· A review has highlighted 40 large non-performing projects, the majority being in the MSS (Outsourcing, managed services) sector. The underlying causes are management failures, project management shortcomings, poor contracting and lack of coordination and hand-offs within various CSC teams involved in the projects . A new systems assurance process has been put in place to address these, with emphasis on scope and pricing disciplines prior to contract signature. Again, long overdue. CSC needs to get away from its long sequence of hierarchical reviews. It needs one joined-up bid review and systems assurance process encompassing all necessary parts of the company. Selling teams and project managers spend too much time preparing for a myriad of uncoordinated and disjointed internal reviews, are given revenue and cost “challenges” from all levels of the organization, then get blamed when things inevitably go wrong. Mike Lawrie would learn a lot if he had someone quantify all the “challenges” embedded in the bid models of a few major projects, then ask what management plans were in place to achieve them, who was accountable for achieving these “challenges”, and what the final outcome was. A big question has to be asked of previousd management. How come they did report these 40 under performing projects when Delivery Assurance (the operational audit arm) was obviouly reporting the continuing failure. You can bet that the lawyers involved in the Clas Action suits will have a field day with this information.
· CSC will transition from what Mike Lawrie called a “Holding company” approach to an “Operating company” environment. He explained that “things just sort of roll up and you report what has, in fact, happened (in a holding company). The big transition that we're making is moving to an operating company. And an operating company looks for what the anticipated results are going to be and then operates and tries to change the outcome through management actions and other disciplined processes that are installed”. Mike Mancuso said that a major issue over the past years was that by the time Corporate became aware of problems, they had already escalated into major crises. Again, this makes sense, but it will need a mind-set change in Corporate too. It needs to be done instead of, not in addition to, the interminable detailed historical numbers reviews CSC staff have suffered for years. Corporate executives need to be proactively available to play their part at the right time and assume responsibility for the consequences of their decisions. No more hiding from their responsibilities by being unavailable when needed, by leaving the field managers to make key decisions alone, then distancing themselves from the field manager and the decisions if things go wrong.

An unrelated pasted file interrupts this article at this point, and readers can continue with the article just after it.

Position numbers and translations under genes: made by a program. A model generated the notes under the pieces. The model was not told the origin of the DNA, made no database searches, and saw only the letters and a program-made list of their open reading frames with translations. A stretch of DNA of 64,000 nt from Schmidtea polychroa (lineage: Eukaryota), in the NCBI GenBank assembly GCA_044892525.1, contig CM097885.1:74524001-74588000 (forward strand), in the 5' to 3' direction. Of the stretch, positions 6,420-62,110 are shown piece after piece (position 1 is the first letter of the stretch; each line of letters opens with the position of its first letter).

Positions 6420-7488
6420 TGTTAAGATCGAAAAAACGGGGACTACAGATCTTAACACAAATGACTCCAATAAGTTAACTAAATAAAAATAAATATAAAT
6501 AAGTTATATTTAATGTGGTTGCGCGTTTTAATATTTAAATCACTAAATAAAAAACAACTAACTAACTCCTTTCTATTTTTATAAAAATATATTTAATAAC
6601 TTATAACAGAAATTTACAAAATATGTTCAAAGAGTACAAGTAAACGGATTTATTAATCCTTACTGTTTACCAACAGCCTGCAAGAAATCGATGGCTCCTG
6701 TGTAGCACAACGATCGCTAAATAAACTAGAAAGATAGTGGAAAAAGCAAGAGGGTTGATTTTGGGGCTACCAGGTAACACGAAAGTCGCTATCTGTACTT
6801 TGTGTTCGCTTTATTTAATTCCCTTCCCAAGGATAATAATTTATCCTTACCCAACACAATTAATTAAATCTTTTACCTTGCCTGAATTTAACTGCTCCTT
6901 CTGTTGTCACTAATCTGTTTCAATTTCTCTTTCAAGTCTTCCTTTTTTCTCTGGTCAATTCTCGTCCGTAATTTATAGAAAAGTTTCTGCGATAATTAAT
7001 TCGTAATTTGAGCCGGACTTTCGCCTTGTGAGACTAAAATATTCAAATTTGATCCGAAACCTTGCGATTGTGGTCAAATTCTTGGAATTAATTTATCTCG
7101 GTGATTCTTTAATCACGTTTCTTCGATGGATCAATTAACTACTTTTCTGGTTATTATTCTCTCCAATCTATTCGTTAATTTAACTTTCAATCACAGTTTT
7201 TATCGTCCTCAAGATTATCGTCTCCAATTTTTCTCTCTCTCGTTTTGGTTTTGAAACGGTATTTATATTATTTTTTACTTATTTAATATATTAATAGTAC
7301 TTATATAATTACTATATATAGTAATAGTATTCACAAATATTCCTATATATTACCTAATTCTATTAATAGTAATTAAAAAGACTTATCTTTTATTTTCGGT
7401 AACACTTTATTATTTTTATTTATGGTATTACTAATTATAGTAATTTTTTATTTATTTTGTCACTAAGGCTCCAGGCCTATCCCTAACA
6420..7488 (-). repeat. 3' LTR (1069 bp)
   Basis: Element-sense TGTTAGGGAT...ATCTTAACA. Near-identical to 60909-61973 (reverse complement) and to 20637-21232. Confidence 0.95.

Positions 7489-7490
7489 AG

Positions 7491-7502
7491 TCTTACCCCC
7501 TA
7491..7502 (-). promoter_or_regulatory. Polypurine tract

Mike Lawrie did well on this analyst call. He explained the issues and his plans in easily understandable business terms, with examples to show that he does look behind the numbers, which is another welcome change in CSC. He gave examples of “diamonds” he had found in the organization. However, I was disappointed he did not reference the retention of CSC’s top employees. Cancellation of bonuses which people believe they have earned and zero pay increases are not motivating messages. Lawrie needs to put in place a retention program for the key performers. There is a big demand for critical IT skills in the markets and our correspondents have told us that CSC’s good people are getting plenty of offers from outside. CSC needs to get them to actively want to stay with the company.
All told, Mike Lawrie’s message is not a happy picture for shareholders or for employees. His candor came as welcome change from the bullshit we have been fed in the past. Right now, he is in the fortunate position of being able to lay all the problems on Mike Laphen’s doorstep. We have to hope that Mike Lawrie is not feeding us more bullshit and that his execution will match his words and plans. .